SLL I’d challenge you to show the chairs in that layout and I’d guess it would all be too tight. There is a psychology to the layouts as well and this one seems to say ‘I’m the cook - don’t come into my zone’…..but I’d also say I’d pick it over where this thread started.

  • thinkdesignlive
    12 days ago

    My last stab - pick away (and I’d do one large light fixture over the island):

  • sheloveslayouts
    12 days ago
    last modified: 12 days ago

    @thinkdesignlive I'm in no way suggesting my drawing is the perfect solution. You and I are actually on the same page; I really like your drawings and your carbuncle comment cracked me up!

    I had been working on an idea that squared up the powder room creating a ~4.5' opening between kitchen and dining when I read the OP's comment " I know rectangles and squares are easier to work with but that squaring off can them make rooms more architecturally boring." Mmmkay. I tapped out.

    Then I reread the thread from the beginning and realized the best layout for this homeowner is one with angles and a breakfast nook and carbuncle pantry -- basically the layout she already has.

  • thinkdesignlive
    12 days ago

    And your comment ‘mmmkay’ cracks me up! I’ll be curious to see how this all shakes out.

  • rebunky
    11 days ago

    I found this link for you.

    https://www.houzz.com/photos/north-san-antonio-kitchen-remodel-transitional-kitchen-austin-phvw-vp~118619313

    SLL,

    Shoots, I was hoping to see what creative concept you might have been working on, but understand being tapped out.

    It is hard enough to fit all the wish list and seating for 8-10 (island plus table seating) in the kitchen footprint, but when you add in the unmovable angled support walls, the non negotiable pantry, back door, window bench, angled bathroom, etc etc etc etc… my head exploded. 🤯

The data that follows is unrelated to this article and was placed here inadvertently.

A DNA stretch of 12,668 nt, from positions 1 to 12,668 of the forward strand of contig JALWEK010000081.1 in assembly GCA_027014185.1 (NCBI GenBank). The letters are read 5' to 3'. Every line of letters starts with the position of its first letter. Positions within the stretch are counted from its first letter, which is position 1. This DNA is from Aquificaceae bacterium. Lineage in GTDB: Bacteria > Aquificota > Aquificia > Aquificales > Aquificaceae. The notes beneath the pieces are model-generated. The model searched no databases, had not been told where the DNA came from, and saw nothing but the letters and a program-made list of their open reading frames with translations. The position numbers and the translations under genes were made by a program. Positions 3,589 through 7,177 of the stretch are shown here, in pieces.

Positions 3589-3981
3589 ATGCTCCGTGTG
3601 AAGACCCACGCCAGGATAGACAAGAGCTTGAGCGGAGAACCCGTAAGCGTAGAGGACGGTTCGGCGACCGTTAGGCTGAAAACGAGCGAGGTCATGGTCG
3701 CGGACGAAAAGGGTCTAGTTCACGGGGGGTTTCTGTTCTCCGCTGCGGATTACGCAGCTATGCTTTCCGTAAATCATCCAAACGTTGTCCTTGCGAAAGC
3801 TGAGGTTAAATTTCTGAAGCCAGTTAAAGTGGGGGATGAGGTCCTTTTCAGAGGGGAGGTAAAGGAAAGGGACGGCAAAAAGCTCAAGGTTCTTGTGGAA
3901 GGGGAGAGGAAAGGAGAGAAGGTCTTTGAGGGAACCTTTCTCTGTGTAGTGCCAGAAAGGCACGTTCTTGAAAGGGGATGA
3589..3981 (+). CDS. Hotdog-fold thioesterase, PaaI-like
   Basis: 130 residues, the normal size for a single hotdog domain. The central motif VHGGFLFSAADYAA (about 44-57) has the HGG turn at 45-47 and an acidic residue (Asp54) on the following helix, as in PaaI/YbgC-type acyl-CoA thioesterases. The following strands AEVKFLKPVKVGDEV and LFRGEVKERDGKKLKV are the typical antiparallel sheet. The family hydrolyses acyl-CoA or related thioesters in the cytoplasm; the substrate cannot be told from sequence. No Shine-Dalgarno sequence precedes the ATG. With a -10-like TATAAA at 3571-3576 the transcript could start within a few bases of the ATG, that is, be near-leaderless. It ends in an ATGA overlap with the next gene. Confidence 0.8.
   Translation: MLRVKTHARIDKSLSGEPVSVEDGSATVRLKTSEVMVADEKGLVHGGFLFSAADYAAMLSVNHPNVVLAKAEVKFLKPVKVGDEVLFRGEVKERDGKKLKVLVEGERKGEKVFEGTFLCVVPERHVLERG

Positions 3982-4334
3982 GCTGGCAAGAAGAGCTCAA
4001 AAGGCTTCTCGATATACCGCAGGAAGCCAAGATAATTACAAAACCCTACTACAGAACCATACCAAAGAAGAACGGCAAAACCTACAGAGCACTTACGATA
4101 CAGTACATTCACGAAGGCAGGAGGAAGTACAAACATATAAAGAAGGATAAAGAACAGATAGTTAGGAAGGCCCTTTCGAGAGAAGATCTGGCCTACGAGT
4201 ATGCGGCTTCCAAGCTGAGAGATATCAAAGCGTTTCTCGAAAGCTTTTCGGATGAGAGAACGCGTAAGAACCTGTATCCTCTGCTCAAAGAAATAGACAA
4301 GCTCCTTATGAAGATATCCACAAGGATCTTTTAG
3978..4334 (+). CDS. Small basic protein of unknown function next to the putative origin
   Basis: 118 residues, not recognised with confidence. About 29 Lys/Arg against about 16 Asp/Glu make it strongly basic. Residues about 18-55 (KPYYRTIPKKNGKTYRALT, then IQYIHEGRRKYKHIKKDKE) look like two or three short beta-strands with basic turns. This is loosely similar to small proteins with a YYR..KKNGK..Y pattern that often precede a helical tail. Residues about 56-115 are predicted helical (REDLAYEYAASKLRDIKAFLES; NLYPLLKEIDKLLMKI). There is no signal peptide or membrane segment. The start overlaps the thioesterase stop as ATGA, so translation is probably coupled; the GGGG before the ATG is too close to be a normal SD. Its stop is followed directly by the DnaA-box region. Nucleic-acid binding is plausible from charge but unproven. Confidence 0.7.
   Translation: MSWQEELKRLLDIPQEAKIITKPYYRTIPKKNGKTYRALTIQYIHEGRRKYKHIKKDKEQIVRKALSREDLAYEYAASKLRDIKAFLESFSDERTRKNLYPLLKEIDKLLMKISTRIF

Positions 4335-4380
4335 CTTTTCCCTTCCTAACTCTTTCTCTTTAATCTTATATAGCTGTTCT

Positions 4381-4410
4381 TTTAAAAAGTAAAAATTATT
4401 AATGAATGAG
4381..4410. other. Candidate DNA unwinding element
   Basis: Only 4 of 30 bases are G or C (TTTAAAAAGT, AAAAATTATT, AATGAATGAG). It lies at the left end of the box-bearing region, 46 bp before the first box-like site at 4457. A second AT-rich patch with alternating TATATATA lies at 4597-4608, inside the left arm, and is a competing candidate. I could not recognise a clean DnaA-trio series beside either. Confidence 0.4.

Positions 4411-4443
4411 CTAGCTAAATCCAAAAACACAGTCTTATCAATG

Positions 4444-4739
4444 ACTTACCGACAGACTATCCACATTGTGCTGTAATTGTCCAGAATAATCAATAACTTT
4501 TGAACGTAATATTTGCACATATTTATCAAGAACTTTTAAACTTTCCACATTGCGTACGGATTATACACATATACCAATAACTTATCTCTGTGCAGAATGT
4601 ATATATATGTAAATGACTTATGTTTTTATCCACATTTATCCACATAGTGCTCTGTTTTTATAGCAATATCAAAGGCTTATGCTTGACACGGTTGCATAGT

I sincerely hope it all works out!


  • sheloveslayouts
    11 days ago

    If it helps add some levity to the thread, whenever I noodled over this kitchen and how the heck you get an island between that breakfast nook and that dining room, the 1970s ballad "Torn Between Two Lovers" was in my head on repeat. Haha!! Loving you is breaking all the rules, indeed! :-)

  • marylut
    10 days ago

    Using dimensions most recently posted, and your oval dining table plus counter height seating for 4 at 6’ long island. Some prefer deep walk in pantry, others prefer 12” to 15” deep pantry - to each her own.

  • course411
    10 days ago

    with due respect, marylut that's a rather dysfunctional layout. Here's a 3D rendering of it:



    Fridge is in bad location (it's always recommended fridges be at edges of work area for easy access), doesn't make sense to have double ovens randomly located in the middle of a valuable stretch of long countertop, and no way can 4 chairs fit at that island. I don't have time now but later I will offer an iteration on this one that may work better.

  • course411
    10 days ago

    I didn't have time to do cabs up to the ceiling but see what you think of this layout. There's an appliance garage next to the refrigerator, and an under-counter microwave in the island.





  • course411
    9 days ago

    Cabs to the ceiling




  • thinkdesignlive
    9 days ago

    Once there are butts in those seats then the kitchen is bottlenecked. OP has a 43" sink - yes 43". I just don't see the island and table working here but to each his own.

  • marylut
    8 days ago

    Table and exterior door to deck seems squeezed, and not much room between table and 4 seater island making it tough to get to fridge and pantry for snacks

  • marylut
    8 days ago

    Moved triple sink to back wall, cooktop to short wall, 4’ between island and fridge.

  • marylut
    7 days ago

    @course411, my experience is that fridge and pantry facing each other on opposite walls behind island forces snack traffic into work area. Microwave close to fridge means few steps. True about my oven placement looking awkward and breaking up counter workspace.